An Abstract or an Introduction — What’s the Difference?

Are you working on a paper or scholarly article? Need to know the difference between an abstract and an introduction? Here’s what you need to know. 

An abstract and an introduction are two different sections of a research paper, thesis, or dissertation. An abstract is a short summary of the entire piece, and it comes before the table of contents. An introduction is a full-length chapter, and often includes a layout of the rest of the piece.

Abstract vs. Introduction — Key Takeaways

An Abstract

  • Can be very short — a basic abstract only needs four sentences.
  • A summary of the entire work. 
  • Used in scholarly, academic, or scientific papers and articles.
  • Comes before the table of contents. The page is not numbered.

An Introduction

  • Is a full-length chapter.
  • Often includes a map or layout of the piece to come. 
  • Found in papers, articles, books, essays, compendiums, and more.
  • After the table of contents. Considered a part of the work itself.


An abstract is a brief summary of the entire paper, that provides a concise overview of the research question, methods, results, and conclusions. According to the Chicago Manual of Style, an abstract may be “as many as a few hundred words but often much shorter.” 

It should be able to stand alone as a summary of the paper, allowing readers to quickly determine whether the paper is relevant to their interests.

An Example Abstract Format

For those in the sciences, the American Medical Association says, “Abstracts should summarize the main point(s) of an article and include the objective, methods, results, and conclusions of a study.”

In the arts and humanities — my field — a basic abstract format includes four statements:

  1. They say/I say
  2. Methodology
  3. Thesis
  4. Takeaway

What do these all mean? Let’s dive in.

They Say/I say

This is where you position your research within the broader field of scholarship. For example: 

Many scholars believe that vampires don’t like sunshine (they say), but most aren’t considering all the vampires who do like sunshine (I say).


This is where you discuss the kind of research you did. For example:

Over the course of one year, I trekked across Transylvania looking at ancient records and interviewing contemporary vampires.


This is where you summarize the main argument (thesis) that your paper asserts. For example:

This paper reveals that 77% of vampires do in fact tolerate or even enjoy sunshine.


The takeaway answers the question, So what? This is where you make a case for the broader implications of your claim. For example:

By understanding the diurnal (daytime) nature of most vampires, we can renovate our understanding of their culture and begin to break down barriers between vampires and non-vampires.


As opposed to an abstract, which comes before a paper, the introduction is the first section of the paper, which introduces the research question, provides background information on the topic, and outlines the purpose and objectives of the study. The introduction sets the stage for the research and helps readers understand why the research was conducted and what it hopes to achieve. I had a professor who used to say that the introduction “sets the table for the meal of the paper to come.”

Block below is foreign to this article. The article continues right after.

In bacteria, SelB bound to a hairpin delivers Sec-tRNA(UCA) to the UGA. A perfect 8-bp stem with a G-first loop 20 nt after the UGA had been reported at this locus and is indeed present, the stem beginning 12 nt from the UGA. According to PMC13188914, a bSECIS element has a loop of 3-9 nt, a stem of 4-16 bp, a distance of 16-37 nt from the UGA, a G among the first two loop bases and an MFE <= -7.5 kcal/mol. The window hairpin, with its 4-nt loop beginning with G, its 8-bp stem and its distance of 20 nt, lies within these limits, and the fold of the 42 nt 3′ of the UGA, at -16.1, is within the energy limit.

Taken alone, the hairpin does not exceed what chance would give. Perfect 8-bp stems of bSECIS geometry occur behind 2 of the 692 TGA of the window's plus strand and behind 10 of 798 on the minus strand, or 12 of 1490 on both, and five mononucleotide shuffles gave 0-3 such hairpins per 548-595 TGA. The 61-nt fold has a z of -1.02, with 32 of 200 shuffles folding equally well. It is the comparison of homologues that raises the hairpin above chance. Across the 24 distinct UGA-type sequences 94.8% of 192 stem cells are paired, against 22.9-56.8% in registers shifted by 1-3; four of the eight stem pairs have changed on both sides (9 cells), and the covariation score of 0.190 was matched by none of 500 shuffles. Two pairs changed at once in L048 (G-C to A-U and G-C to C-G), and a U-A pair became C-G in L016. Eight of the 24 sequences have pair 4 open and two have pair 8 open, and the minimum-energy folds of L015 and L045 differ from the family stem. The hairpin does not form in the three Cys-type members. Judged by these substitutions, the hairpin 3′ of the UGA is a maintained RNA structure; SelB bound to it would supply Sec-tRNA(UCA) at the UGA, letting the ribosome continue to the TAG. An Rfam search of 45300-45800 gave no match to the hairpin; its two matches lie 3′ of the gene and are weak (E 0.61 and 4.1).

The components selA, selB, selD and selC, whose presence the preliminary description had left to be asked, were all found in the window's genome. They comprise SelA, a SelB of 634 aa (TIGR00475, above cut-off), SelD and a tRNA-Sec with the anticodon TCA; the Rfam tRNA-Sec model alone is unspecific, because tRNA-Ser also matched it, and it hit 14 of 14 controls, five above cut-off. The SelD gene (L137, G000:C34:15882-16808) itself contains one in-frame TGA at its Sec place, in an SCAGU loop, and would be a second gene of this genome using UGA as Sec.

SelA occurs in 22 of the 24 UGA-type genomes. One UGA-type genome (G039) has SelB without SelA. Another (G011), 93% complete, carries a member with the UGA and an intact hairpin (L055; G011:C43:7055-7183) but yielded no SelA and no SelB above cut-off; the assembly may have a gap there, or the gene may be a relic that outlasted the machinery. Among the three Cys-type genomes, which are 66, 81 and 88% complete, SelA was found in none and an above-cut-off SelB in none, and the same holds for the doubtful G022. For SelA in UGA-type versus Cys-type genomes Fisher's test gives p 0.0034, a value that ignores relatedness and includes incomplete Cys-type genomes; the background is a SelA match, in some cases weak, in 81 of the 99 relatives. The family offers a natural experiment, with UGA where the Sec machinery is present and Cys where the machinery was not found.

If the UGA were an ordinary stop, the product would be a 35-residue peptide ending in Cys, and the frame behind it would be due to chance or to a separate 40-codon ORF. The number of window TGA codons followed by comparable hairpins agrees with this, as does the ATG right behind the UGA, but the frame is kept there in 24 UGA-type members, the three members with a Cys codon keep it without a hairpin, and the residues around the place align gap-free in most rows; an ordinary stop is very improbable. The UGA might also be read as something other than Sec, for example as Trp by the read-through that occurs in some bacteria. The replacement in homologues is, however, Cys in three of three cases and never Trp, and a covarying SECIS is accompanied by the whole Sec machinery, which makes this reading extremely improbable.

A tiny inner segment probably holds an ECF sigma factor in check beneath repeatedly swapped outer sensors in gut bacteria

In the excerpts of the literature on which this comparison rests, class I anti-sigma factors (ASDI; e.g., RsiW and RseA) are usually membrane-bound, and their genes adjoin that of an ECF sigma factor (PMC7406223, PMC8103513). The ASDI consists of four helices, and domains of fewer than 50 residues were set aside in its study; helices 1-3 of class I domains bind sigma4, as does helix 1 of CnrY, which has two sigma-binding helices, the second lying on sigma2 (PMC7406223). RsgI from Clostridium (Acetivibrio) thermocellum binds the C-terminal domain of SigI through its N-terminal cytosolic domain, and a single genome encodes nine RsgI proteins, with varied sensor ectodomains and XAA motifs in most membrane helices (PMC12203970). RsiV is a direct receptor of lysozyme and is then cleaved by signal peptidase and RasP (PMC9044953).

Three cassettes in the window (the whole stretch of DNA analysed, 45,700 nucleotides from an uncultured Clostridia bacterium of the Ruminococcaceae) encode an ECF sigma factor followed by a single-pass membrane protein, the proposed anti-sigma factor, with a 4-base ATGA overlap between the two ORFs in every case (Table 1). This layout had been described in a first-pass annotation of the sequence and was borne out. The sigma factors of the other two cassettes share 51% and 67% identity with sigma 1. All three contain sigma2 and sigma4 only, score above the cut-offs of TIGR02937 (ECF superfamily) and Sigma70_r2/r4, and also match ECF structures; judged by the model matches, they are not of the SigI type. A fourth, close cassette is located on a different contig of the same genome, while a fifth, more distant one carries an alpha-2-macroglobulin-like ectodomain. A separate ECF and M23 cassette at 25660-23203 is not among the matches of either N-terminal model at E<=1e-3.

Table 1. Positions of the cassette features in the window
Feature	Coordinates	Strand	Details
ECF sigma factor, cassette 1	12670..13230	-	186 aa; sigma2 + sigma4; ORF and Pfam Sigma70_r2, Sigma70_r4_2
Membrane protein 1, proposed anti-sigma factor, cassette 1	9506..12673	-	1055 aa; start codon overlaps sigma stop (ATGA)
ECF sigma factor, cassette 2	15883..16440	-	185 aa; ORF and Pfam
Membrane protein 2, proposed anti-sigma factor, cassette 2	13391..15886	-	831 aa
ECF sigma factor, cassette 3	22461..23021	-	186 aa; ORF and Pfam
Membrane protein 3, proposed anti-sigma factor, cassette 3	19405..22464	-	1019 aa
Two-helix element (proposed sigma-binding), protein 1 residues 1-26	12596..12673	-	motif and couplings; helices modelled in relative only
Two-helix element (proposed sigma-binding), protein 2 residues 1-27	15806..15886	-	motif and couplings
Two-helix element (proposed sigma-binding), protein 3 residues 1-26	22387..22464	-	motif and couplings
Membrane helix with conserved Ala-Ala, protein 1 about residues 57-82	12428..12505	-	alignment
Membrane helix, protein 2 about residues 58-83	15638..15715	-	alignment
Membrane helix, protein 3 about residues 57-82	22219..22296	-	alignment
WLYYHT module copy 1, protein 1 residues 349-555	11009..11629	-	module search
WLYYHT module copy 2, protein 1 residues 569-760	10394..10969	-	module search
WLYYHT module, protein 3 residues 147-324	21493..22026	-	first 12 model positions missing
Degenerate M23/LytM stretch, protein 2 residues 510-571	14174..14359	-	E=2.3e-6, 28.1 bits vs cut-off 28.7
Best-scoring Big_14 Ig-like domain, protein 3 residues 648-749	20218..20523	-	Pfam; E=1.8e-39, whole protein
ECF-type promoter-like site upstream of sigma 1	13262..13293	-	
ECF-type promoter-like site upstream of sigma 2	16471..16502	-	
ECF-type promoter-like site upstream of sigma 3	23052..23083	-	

Information from the abstract may appear in the introduction, but it will be expanded upon and more detailed. 

The Format of an Introduction

An introduction, unlike most abstracts, will contain multiple paragraphs. While the abstract comes before the table of contents, the introduction comes after, and, according to the Oxford Style guide and common academic practice, begins on page #1. 

An introduction will often include the following information:

  1. Opening Gambit — An anecdote, joke, personal narrative, etc. to ‘hook’ the reader.
  2. They Say/I say — Position your work in the broader field of study. This will be more fleshed out than in the abstract. 
  3. Thesis Statement — Your main argument.
  4. Methodology — An overview of the kind of research you conducted. (Note that the methodology comes after the thesis statement in an introduction, unlike in the abstract.)
  5. Map of the Paper — This is where you tell your reader what to expect from each section of the paper. “In chapter 1, I look at…” etc.
  6. Restate the Thesis — Restate your main argument.

As to the “map of the paper,” I should note that not everyone agrees on this — the Chicago Manual of Style advises against it. And yet, it is a common academic practice. When in doubt, always check with your teacher or publisher.

Abstracts and Introductions

The main difference between an abstract and an introduction is that an abstract is a brief summary of the entire paper which appears before the table of contents, while an introduction provides a more in-depth view of the research question, background information, and the purpose of the study. Unlike abstracts, many introductions include a map of the paper that follows.

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